CLEARWATER, Fla. — The tale of Alex McGough is similar to many of the Temple players he will face in Thursday's Bad Boy Mowers Gasparilla Bowl at Tropicana Field, home of the Tampa Bay Rays.
The Florida International University senior quarterback wasn't highly recruited. In fact, if it weren't for FIU, he wouldn't have been recruited at all by FBS schools. Many of Temple's players have similarly flown under the proverbial radar.
If Temple (6-6) looks to snap a two-game bowl losing streak the last two seasons, containing the 6-foot-3, 218-pound McGough will be a key.
Four years ago, he didn't enter the program with much of a profile, until he earned the starting job as a true freshman.
"I think I was a two-star player out of high school and FIU was my only offer, but I ended up starting my freshman year," McGough said following Monday's practice at Calvary Christian High in Clearwater. "I just put my head down and worked hard and kept getting better."
Under first-year coach Butch Davis, this has been a resurgent season for the 8-4 Panthers. FIU was 13-23 the previous three years, including 4-8 last season, but has earned the school's first bowl berth since 2011.
Davis, former head coach with the University of Miami and North Carolina, along with the Cleveland Browns, had the highest of praise for McGough.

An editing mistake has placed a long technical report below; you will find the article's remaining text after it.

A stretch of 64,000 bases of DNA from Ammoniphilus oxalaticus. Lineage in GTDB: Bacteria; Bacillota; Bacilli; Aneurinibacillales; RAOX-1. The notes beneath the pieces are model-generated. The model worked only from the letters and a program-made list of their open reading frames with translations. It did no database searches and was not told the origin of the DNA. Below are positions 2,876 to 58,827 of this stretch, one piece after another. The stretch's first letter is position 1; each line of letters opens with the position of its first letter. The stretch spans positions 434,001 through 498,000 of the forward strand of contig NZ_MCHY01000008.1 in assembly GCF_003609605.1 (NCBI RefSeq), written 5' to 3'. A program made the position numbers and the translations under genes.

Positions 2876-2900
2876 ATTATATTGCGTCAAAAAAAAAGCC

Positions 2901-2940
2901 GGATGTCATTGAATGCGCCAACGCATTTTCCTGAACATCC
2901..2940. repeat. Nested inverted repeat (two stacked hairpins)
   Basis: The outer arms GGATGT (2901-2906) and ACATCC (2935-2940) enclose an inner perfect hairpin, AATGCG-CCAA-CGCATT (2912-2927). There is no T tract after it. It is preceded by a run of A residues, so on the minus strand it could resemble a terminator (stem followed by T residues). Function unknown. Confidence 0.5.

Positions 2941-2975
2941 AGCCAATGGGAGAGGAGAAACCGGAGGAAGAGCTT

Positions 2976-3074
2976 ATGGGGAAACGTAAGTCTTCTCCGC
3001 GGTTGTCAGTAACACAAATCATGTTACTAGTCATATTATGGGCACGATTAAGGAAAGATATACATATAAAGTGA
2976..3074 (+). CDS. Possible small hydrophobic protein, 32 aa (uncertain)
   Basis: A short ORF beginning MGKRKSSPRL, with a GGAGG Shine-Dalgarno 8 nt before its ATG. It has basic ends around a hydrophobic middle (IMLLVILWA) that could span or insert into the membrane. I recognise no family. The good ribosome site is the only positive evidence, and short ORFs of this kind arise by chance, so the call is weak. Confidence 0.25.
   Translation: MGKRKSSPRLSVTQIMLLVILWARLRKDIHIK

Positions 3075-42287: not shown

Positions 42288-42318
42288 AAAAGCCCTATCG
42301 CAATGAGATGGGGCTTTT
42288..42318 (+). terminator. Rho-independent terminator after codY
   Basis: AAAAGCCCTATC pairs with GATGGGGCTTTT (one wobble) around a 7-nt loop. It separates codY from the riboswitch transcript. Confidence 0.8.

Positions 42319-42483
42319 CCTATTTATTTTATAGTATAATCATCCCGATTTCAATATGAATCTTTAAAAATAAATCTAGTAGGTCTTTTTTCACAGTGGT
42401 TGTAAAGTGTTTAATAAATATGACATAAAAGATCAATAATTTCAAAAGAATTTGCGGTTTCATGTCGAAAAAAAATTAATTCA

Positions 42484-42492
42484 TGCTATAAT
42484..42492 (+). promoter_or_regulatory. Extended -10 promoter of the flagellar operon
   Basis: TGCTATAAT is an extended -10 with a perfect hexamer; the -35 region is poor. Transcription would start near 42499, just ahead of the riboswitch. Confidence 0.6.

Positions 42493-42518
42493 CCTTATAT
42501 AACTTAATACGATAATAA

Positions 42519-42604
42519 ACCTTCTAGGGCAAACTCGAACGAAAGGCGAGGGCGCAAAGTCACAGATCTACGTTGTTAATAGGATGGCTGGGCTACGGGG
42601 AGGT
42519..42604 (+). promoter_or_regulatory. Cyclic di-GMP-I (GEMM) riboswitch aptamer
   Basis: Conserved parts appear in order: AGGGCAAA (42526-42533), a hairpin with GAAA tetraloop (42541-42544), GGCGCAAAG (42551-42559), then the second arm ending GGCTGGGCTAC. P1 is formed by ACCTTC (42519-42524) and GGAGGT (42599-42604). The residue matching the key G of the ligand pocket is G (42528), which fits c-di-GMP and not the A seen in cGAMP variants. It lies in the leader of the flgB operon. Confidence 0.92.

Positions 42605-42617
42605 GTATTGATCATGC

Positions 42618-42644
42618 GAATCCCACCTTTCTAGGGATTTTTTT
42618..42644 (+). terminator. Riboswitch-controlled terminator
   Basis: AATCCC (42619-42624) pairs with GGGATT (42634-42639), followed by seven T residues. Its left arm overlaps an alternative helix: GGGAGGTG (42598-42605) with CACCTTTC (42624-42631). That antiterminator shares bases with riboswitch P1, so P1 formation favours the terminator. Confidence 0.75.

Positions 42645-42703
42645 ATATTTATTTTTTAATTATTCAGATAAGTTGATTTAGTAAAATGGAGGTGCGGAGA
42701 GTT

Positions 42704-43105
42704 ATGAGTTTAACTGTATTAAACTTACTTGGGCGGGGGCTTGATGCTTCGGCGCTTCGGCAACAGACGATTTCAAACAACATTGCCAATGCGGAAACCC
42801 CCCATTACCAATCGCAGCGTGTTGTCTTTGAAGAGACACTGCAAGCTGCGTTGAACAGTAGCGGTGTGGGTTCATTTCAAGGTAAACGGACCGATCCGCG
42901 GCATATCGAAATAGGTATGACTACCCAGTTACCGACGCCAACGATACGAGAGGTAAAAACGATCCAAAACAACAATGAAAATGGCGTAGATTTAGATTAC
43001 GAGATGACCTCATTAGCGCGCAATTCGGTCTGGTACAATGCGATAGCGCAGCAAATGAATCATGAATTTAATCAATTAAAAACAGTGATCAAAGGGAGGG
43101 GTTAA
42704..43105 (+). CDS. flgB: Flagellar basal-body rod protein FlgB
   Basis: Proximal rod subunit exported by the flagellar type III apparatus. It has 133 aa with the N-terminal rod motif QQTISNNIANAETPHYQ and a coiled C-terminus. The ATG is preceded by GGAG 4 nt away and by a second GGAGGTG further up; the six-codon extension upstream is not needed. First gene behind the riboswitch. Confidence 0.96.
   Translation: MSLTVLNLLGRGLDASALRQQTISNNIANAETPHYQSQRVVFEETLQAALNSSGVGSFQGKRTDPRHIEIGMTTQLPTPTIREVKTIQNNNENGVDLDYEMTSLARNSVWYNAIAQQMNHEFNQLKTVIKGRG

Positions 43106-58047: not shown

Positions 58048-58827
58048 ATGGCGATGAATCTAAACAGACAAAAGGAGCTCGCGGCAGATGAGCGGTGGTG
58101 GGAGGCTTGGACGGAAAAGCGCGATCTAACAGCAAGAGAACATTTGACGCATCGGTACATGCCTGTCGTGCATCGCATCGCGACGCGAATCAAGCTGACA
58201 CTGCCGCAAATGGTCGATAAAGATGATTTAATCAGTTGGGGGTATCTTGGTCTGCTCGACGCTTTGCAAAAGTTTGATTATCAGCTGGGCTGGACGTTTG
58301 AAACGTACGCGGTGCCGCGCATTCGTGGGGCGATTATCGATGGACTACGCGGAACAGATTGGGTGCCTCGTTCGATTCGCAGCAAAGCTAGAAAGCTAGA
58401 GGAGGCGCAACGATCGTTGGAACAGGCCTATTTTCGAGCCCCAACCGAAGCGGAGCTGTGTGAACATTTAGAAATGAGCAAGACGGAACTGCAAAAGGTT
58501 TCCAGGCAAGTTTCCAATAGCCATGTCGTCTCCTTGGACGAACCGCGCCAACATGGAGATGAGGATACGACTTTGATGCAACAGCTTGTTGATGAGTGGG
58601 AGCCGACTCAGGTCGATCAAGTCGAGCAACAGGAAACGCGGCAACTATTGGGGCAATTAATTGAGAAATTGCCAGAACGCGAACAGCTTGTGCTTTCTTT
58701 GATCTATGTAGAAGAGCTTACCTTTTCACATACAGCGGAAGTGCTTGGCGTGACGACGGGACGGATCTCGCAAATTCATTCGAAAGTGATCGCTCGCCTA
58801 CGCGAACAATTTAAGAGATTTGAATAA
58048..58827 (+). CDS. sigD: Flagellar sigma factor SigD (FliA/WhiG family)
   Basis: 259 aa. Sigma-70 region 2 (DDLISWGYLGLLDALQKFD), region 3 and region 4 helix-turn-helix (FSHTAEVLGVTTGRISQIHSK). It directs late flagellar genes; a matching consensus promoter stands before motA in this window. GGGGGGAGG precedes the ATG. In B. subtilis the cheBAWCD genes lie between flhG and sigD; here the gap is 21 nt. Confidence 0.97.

"I had three quarterbacks play for me both at North Carolina and Miami who made the NFL and I think he is better than all of them," Davis said. "I think he is better than the two I had in the pros [Tim Couch and Kelly Holcomb]."
McGough (pronounced Ma-Goo) doesn't have eye-popping numbers, but Davis says that doesn't matter. This season, he has completed 65.25 percent of his passes for 2,791 yards, 17 touchdowns and eight interceptions.
He has rushed for 214 yards (2.8 avg.) and five touchdowns. Yet his efficiency has been off the charts.
FIU leads the nation in red zone offense, having scored 39 of 40 times (97.5 percent) the Panthers were at the opponent's 20-yard line or closer.
"He really makes good decisions and knows where to go with the ball," Temple coach Geoff Collins said Monday afternoon while both teams spent time at Tampa's Busch Gardens.
When asked if McGough has an NFL arm, Collins, added, "I think so. The big judge of that is the field comeback [route], and I have seen him make that throw so many times while studying him on tape."
Davis, who also enjoyed a successful stint earlier in his career as the Dallas Cowboys defensive coordinator, says that McGough is not only an NFL prospect, but he would be shocked if he isn't drafted.
"If he is not drafted then the teams have no clue on picking quarterbacks," Davis said.
For his part, McGough insists that the NFL is something he can worry about after Thursday and not a moment before.
"Right now, my only focus is on Temple on Thursday night," McGough said.
Davis says that McGough combines all the physical tools, with an excellent grasp of the game.
"He is a terrific learner, very athletic and probably the best thing he does, especially compared to previous years, is his decision-making and the poise and not feeling every throw has to be a perfect home run," Davis said.
McGough has put it together this year, and it's safe to say he will be departing college with a much higher profile than when he arrived.